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A Systematic Investigation of the Effect of Ammonia on Scattering and Absorption of Solar Radiation by Secondary Organic Aerosols

EMSL Project ID


Atmospheric aerosols have a profound effect on climate by scattering and absorbing solar and terrestrial radiation. They can be predominantly scattering (e.g., sea-salt aerosol), predominantly absorbing (e.g., black carbon), or have intermediate optical properties (e.g., light-absorbing "brown carbon" organic aerosol). One of the possible mechanisms by which optical properties of secondary organic aerosols (SOA) can be changed is reactive uptake of ammonia (NH3) by the SOA compounds. Our hypothesis is that ammonia can affect SOA in three independent ways: (1) it reduces acidity of aerosols containing sulfuric acid, which suppresses acid-catalyzed SOA growth reactions; (2) it increases partitioning of semivolatile organic compounds into the particulate phase by forming less volatile ammonium carboxylates; (3) it reacts with carbonyl compounds leading to the formation of various nitrogen-containing organic compounds (NOC), which are now known to account for a significant (~30%) fraction of the total atmospheric particulate nitrogen. The first two effects may change the size of the particles, as well as the hygroscopicity and the real refractive index of the material from which the particles are made. The third effect may change the imaginary refractive index of particles because certain types of NOC compounds act as strong absorbers of visible radiation. For example, previous laboratory studies showed that model SOA generated from biogenic precursors becomes light absorbing and changes color from white to brown when exposed to ammonia. The ammonia emissions are expected to increase worldwide because of the intensifying agricultural use of ammonia-based fertilizers. At the same time, the emissions of VOC precursors are also expected to increase because of the rising trends in the temperature. Therefore, there is an urgent need to understand the effect of ammonia on optical and hygroscopic properties of SOA. We propose to carry out a first systematic experimental investigation of the effect of ammonia on the light-absorption and scattering by SOA. This will represent a team effort combining smog chamber methods (Nizkorodov group), real-time ammonia detectors (Bertram group), instruments for real-time characterization of both real and imaginary refractive indexes of particles (Cappa group) and hygroscopicity (Bertram and Cappa groups), and the unique molecular-level characterization capabilities of high-resolution mass spectrometry available at EMSL (A. Laskin and J. Laskin groups). This study will not only provide semi-empirical data useful for the parameterization of the effect of ammonia on optical properties of SOA leading to applications in modelling, but also detailed molecular level information about the types of products reactions of ammonia with SOA may generate.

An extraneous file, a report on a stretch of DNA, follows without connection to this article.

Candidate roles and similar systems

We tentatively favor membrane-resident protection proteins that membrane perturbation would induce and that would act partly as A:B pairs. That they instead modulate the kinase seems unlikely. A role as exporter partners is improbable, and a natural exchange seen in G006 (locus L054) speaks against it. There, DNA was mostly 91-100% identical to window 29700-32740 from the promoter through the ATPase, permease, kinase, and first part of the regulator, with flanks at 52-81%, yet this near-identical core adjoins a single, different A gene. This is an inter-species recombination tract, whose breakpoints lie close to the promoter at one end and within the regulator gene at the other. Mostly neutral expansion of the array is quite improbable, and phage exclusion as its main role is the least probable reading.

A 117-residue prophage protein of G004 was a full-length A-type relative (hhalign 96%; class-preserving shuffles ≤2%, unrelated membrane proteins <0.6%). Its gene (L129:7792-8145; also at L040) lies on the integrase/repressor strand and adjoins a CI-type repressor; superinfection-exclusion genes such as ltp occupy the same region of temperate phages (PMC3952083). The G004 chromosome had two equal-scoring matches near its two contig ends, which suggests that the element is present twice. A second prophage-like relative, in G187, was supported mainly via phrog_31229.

Project Details

Project type
Large-Scale EMSL Research
Start Date
End Date


Principal Investigator

Christopher Cappa
University of California, Davis


Timothy Bertram
University of Wisconsin, Madison

Team Members

Peng Lin
Environmental Molecular Sciences Laboratory

Sandra Blair
University of California, Irvine

Dian Romonosky
University of California, Irvine

Sergey Nizkorodov
University of California, Irvine

Alexander Laskin
Purdue University

Related Publications

Julia Laskin, Alexander Laskin, Sergey A. Nizkorodov. 2017. "Mass Spectrometry Analysis in Atmospheric Chemistry." Analytical Chemistry 90 (1):166-189.
Paige K. Aiona, Alexander Laskin, Julia Laskin, Hyun Ji Lee, Renee Leslie, Peng Lin, Sergey A. Nizkorodov. 2017. "Photochemistry of Products of the Aqueous Reaction of Methylglyoxal with Ammonium Sulfate." ACS Earth and Space Chemistry 1 (8):522-532.